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Tomb Raider: It’s “A classic origins story”

Barely regal

Look past the recent controversy surrounding Crystal Dynamics’ Tomb Raider reboot and you’ll rediscover the most exciting game featuring Lara Croft since the original.

No Tomb Raider has made such huge strides away from the series’ core sensibilities. Crystal Dynamics has gone back to the drawing board with this new game and the results are really exciting…

Tomb Raider is pushing all sorts of boundaries, but at its heart it’s still a traditional origin story that will focus on Lara and the whys and hows of her becoming one of the world’s premier badass raiders of tombs.

Global Brand Manager, Karl Stewart, is adamant this new look for Lara will reignite the world’s love for the posh Brit and remind everyone just why she’s one of the world’s most recognised videogame characters.

X360: Why is this an important new direction for Lara and Tomb Raider?

Karl Stewart: At its heart, this Tomb Raider is a classic origins story: this game begins with a new, Lara Croft – a version of the character audiences have not seen before: she 21 years of age, just out of university, searching for adventure on her first real archeological expedition.

The game begins when Lara comes to on the beach of mysterious island after her boat, the Endurance, is destroyed by a terrible storm. The vista shows innumerable wreckages from different eras: all is clearly bizarre and mysterious.

X360: How are you ensuring you convey Lara’s helplessness without making the early levels annoying to play? Are you worried players will misinterpret this for poor game design?

Stewart: In the Crossroads demo we follow a crucial part of Lara’s character arc: she realises she’s not alone, that others have survived the wreck, she retrieves the bow, learns to hunt, sees her friend, Sam, kidnapped and later is forced to kill a human being for the first time.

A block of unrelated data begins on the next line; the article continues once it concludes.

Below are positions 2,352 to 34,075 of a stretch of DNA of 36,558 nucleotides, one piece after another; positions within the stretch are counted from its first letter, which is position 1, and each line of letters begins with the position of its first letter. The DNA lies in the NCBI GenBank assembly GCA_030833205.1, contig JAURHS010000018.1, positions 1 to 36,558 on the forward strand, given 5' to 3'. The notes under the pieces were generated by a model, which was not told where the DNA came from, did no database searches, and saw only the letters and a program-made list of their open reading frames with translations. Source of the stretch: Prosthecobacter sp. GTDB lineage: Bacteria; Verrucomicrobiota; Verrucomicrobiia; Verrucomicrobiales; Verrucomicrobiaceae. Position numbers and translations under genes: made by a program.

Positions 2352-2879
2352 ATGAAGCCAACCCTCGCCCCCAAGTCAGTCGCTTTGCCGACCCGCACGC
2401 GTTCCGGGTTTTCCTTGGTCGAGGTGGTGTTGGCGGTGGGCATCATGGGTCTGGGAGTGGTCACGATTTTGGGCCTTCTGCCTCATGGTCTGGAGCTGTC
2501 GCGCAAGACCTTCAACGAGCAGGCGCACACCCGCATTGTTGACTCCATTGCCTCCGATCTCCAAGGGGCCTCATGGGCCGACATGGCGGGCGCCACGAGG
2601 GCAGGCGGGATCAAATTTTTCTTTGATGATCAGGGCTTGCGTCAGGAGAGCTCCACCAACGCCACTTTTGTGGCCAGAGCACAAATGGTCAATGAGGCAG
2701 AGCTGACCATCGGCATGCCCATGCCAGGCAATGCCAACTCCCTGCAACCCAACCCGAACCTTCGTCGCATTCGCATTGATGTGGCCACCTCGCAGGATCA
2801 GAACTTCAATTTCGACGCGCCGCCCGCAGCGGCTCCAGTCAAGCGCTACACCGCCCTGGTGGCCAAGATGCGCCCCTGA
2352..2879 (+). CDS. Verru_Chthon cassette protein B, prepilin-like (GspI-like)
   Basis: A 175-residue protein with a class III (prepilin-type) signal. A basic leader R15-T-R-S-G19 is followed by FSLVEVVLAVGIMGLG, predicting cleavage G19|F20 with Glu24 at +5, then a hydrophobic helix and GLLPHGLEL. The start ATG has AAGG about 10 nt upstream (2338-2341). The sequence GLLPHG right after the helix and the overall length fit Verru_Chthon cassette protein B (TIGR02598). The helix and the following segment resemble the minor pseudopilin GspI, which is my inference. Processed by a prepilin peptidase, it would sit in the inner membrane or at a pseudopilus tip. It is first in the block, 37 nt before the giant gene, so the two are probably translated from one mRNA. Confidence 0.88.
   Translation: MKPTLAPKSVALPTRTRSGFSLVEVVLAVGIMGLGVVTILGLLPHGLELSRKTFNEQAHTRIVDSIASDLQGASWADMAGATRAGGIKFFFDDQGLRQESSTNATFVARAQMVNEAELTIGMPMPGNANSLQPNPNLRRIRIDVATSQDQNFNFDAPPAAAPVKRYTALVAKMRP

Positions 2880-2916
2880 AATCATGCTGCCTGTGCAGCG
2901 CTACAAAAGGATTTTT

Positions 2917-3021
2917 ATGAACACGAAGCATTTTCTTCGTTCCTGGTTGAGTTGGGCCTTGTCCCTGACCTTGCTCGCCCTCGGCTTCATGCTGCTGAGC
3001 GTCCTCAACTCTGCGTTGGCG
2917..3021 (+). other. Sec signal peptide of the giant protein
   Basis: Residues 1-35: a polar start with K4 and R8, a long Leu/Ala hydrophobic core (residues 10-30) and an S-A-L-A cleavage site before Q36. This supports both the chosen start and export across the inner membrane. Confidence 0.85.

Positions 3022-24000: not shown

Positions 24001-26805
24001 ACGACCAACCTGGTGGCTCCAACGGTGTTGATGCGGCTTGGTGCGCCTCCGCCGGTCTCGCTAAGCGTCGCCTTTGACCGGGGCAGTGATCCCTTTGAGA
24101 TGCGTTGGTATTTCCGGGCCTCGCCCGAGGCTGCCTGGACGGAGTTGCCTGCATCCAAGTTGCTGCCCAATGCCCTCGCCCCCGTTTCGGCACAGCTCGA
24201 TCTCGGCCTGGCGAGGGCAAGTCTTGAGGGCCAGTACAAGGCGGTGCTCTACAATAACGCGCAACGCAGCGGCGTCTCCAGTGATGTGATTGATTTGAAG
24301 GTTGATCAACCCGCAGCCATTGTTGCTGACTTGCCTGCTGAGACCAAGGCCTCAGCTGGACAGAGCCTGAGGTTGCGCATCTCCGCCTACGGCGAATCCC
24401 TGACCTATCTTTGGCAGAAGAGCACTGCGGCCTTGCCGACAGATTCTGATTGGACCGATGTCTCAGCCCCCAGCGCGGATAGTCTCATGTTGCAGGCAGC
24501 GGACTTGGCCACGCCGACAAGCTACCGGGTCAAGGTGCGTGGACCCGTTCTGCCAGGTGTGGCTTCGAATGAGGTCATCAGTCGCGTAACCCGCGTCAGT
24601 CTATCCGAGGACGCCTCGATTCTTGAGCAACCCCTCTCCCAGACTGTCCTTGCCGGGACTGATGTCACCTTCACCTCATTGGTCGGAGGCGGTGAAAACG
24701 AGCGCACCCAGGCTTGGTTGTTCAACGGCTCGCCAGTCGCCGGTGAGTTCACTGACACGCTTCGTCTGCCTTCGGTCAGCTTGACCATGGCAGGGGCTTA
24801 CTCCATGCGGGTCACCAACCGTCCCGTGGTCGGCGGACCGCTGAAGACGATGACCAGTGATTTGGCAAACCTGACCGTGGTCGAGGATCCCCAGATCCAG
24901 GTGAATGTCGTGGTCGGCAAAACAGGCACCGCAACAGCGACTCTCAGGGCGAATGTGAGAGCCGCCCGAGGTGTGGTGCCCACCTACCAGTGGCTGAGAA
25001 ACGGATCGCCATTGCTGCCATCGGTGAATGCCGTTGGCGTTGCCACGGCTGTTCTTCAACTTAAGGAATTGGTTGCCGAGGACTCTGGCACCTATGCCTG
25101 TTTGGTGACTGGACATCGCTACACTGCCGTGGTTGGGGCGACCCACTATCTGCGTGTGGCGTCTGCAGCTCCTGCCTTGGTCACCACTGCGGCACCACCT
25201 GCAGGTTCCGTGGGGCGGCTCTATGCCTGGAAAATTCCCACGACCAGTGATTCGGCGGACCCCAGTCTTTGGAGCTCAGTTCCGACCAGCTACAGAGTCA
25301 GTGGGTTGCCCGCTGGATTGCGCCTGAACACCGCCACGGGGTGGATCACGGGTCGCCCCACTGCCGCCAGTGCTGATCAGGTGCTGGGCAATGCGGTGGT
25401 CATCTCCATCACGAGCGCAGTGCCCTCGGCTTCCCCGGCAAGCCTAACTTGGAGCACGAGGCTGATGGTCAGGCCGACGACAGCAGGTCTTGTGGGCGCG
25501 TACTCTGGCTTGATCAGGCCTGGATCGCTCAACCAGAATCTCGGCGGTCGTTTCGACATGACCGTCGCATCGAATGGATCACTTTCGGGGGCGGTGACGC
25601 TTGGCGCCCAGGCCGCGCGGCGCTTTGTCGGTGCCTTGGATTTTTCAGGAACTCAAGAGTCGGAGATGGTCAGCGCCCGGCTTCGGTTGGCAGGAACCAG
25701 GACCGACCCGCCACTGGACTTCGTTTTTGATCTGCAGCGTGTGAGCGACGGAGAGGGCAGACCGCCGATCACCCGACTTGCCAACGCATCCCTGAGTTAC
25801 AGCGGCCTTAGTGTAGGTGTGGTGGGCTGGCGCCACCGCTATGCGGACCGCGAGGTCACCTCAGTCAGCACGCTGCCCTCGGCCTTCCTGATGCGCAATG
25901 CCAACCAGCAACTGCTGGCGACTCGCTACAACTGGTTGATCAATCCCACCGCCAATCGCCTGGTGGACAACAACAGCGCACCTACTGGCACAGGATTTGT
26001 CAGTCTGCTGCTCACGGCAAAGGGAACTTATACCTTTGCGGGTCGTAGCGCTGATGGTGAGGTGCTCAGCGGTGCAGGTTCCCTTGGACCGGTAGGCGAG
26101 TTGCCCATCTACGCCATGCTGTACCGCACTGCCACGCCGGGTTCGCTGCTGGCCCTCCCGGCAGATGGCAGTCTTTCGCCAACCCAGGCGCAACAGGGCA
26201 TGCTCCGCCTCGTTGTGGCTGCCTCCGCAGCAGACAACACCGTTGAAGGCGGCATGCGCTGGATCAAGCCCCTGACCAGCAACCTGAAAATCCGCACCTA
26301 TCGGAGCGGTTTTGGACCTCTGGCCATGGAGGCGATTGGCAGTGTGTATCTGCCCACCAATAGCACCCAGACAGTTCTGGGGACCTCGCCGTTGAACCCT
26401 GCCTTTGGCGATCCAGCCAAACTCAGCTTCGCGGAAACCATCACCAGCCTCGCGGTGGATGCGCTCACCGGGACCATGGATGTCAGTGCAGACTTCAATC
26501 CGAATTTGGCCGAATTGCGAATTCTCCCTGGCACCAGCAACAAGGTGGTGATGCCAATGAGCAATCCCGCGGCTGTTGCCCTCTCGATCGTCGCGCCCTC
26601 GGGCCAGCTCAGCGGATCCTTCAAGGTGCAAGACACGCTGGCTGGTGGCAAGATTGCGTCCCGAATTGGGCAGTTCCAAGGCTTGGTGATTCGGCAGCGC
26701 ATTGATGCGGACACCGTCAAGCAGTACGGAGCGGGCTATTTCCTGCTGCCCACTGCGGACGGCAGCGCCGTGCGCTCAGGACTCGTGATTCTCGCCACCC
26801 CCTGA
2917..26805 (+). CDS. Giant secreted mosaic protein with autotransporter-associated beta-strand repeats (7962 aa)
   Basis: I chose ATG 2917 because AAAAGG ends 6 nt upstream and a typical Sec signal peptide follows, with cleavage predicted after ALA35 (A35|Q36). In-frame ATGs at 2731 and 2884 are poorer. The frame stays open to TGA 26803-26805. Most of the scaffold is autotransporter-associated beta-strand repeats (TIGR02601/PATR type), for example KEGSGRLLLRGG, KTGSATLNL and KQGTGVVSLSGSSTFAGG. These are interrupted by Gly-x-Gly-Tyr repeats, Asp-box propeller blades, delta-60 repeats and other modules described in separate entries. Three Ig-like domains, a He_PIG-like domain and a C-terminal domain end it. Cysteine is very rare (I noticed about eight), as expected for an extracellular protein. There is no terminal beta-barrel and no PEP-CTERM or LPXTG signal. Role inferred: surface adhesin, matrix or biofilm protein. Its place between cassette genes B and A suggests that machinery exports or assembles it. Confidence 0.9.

It’s nail biting stuff as the gamer takes Lara through an increasingly frightening and hostile environment, it’s also a powerful and immersive emotional journey.

X360: What traditional Tomb Raider elements from the previous games remain; was it important to leave them in/remove them?

Stewart: We feel we’ve really kept the essence of Tomb Raider that players have loved in the past – for example there’s plenty of scope for exploration and discovery: though not an open world game by any means, the island Lara finds herself on is full of areas to explore, and secrets to discover, particularly as Lara starts to develop her gear and skill set.

X360: In what ways has reestablishing the Lara Croft character helped to reinvent the gameplay experience for the player?

Stewart: We’ve given her a signature weapon: the bow and arrow, and this simple device opens up all sorts of opportunities for both combat and traversal.  We’ve made her smart and resourceful: she looks and hints to the player at interesting, useful objects in the environment.

We’ve given her buddies to motivate her – in Crossroads she’s compelled to move forward to search for, and rescue Sam, and to reunite with Roth, her friend and mentor.  We’ve added an gear upgrade system, which we’re not talking about in great depth right now. We’ve created a hub system… It’s been extremely inspiring!

X360: How are you balancing action set-pieces, RPG leveling and exploration of the island; is the gameplay experience entirely removed from previous Tomb Raider games?

Stewart: Whilst we don’t want to go as far as giving a percentage breakdown between the different types of gameplay I will say that the game is currently being balanced, and we know what kind of mixture we have in mind.

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